“Elected officials, even the best and most principled, operate within the parameters of possibility that they discern in their constituency. In that sense, elected officials — and American presidents most of all — are the end of the political digestive system. Electoral politics is usually the last place change gets felt… Movement politics, on the other hand, is about reshaping and redefining those parameters. Moving the goalposts.”

    For Sanders and many of his supporters, the political revolution is far from over; but at the same time, the next few months must be dedicated first and foremost to stopping Donald Trump (i.e., electoral politics). In a recent interview with Rolling Stone, Jane Sanders explained her husband’s decision to endorse Clinton: “His choice was to endorse [Clinton] — but, at the same time, fight like hell to keep the revolution alive, and keep alive the issues that we all stand behind. So we need [our supporters]. We need them engaged, and we need them to participate. And whatever they decide, it’s their conscience, and they should decide whatever they want. Our job is to defeat Donald Trump; our conscience says we can’t have that.”

    Bernie supporters seem to have taken the senator’s call for a political revolution to heart, and in April, a group of Sanders campaign staffers and volunteers introduced a plan to “recruit and run 400+ candidates as a single, unified campaign with a single plan” for the 2018 midterm elections. This bold initiative, called “Brand New Congress,” is a nonpartisan campaign based on shared principles rather than party identification; a fusion of electoral politics and movement politics with the ultimate goal of electing principled non-politicians across the country. In a statement to this author, co-founder of Brand New Congress and former Sanders volunteer Saikat Chakrabarti explained the group’s aims:
    “The candidates would be running a unified campaign with a single bold plan to, among other things, fix our criminal justice system, rapidly move to 100 percent renewable energy, end the corrupting influence of money in politics, and invest massively in our industries to end our current income inequality by creating high wage jobs for everyone… We plan to win by running these candidates in a single, unified, presidential-style campaign that will, like Bernie’s campaign, be able to focus large amounts of small dollar donors and grassroots volunteer efforts towards a single powerful goal. Our goal is also to create a Congress that accurately represents the demographics, gender, and wealth of Americans.”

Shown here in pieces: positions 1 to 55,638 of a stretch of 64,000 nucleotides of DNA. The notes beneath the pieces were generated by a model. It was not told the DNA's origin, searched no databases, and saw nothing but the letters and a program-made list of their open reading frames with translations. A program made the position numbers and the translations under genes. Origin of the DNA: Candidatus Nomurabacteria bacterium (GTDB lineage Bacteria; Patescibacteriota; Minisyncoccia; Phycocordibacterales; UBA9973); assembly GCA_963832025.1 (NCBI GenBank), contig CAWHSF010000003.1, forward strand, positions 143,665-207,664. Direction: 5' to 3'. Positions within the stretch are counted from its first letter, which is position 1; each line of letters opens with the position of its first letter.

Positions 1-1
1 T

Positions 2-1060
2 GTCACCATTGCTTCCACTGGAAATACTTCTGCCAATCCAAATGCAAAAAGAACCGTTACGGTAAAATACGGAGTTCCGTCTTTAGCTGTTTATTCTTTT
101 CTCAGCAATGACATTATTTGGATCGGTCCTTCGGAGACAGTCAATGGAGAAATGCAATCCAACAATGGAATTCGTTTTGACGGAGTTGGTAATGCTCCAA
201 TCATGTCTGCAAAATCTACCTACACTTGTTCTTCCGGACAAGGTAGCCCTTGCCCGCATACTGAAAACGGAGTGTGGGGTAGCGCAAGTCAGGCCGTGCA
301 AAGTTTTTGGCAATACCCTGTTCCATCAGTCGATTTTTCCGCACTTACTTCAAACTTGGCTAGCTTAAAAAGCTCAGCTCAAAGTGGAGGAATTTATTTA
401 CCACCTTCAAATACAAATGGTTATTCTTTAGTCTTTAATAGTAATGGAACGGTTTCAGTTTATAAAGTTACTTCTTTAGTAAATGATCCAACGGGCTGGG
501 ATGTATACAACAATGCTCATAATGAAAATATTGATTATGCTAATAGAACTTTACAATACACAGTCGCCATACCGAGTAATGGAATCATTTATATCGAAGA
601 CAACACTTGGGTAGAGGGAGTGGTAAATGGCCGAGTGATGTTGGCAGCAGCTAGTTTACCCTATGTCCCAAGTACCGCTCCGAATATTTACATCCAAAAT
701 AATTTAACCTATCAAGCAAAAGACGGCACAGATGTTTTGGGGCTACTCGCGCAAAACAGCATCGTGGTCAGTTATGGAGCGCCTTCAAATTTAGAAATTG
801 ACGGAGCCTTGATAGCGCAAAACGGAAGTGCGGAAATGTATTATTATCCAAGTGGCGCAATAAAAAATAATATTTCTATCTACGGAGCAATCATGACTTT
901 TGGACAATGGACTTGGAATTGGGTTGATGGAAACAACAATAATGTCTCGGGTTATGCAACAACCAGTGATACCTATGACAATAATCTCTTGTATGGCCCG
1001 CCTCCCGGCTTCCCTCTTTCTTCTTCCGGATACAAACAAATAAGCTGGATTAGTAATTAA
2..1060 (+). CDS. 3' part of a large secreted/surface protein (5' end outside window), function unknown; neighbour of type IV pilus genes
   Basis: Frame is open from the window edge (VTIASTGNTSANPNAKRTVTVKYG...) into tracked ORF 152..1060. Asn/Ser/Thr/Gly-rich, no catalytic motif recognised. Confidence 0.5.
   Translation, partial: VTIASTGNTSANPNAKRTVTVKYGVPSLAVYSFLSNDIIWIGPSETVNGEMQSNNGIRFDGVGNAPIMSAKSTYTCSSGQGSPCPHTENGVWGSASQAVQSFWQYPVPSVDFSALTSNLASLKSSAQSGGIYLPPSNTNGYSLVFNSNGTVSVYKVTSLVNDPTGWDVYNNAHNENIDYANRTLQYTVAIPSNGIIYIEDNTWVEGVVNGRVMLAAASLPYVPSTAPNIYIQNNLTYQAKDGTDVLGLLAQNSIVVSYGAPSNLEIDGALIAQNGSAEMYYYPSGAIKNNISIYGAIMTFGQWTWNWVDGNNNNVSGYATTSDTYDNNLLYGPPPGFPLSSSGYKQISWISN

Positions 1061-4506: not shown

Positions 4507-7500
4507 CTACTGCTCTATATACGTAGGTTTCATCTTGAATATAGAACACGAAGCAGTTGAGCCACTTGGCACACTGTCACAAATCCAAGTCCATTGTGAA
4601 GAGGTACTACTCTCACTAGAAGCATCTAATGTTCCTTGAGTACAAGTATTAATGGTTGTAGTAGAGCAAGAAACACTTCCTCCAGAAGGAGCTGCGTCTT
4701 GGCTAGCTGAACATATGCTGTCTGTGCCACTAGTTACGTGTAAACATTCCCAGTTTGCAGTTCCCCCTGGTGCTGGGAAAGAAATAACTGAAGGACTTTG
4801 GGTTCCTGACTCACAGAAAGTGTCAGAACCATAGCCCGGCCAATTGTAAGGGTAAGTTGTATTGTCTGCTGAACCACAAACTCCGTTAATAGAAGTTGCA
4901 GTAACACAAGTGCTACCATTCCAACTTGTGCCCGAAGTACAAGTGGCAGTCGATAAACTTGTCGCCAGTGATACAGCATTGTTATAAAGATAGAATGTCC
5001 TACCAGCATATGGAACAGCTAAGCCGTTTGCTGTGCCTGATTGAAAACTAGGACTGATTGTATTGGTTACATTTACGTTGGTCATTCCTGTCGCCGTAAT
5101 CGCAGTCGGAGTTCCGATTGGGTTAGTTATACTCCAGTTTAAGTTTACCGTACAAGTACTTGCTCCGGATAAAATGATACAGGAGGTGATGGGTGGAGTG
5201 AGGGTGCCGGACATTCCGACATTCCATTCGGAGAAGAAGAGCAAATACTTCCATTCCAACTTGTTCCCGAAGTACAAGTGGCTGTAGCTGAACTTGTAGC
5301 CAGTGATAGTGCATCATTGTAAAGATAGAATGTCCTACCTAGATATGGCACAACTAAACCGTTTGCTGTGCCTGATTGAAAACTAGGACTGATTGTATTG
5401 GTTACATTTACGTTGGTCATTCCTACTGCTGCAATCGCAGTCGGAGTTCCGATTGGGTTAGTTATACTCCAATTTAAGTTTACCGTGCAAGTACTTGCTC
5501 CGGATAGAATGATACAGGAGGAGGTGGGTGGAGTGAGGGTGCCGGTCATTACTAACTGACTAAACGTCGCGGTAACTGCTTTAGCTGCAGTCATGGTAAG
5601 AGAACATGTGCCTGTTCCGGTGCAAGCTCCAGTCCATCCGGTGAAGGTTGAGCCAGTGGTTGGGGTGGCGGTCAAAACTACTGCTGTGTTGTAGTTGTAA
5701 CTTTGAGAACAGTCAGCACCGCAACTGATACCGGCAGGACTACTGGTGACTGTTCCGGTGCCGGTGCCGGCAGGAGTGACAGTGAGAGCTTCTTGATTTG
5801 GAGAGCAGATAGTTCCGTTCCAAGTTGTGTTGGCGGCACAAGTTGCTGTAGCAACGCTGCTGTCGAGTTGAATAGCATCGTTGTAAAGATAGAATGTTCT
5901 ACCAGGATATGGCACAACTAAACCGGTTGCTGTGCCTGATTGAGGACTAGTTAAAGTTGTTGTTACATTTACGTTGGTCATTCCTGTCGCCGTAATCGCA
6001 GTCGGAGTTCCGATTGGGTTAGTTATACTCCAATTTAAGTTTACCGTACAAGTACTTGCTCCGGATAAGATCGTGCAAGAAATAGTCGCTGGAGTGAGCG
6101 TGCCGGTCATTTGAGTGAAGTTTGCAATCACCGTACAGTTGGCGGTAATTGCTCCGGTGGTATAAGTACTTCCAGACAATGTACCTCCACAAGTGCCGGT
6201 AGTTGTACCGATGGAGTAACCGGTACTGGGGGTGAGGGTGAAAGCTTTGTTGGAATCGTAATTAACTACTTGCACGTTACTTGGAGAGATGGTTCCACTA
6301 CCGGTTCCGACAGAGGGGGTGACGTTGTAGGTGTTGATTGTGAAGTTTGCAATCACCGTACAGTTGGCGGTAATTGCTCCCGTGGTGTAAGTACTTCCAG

For the next several months, progressives must keep in mind the difference between electoral politics and movement politics. Defeating Donald Trump in November is imperative, but so is maintaining a popular movement long after the votes are cast. “Sanders allowed us to realize that there really are millions of us who share similar goals and together we have enough power to outraise and outact our billionaire-backed rivals,” remarked Chakrabarti. “But to actually achieve the changes we want to see, we need to strategize for the long term because this revolution is not going to happen overnight. We should assume that until the actual problems in this country are fixed, the movement and desire to fix those problems is not going to go away. No one person or group saying that the movement should continue is going to keep it going — the movement is going to continue because we have some very urgent crises in this country, we know that these crises can be solved, and we now see that the people actually do have the power to solve them.”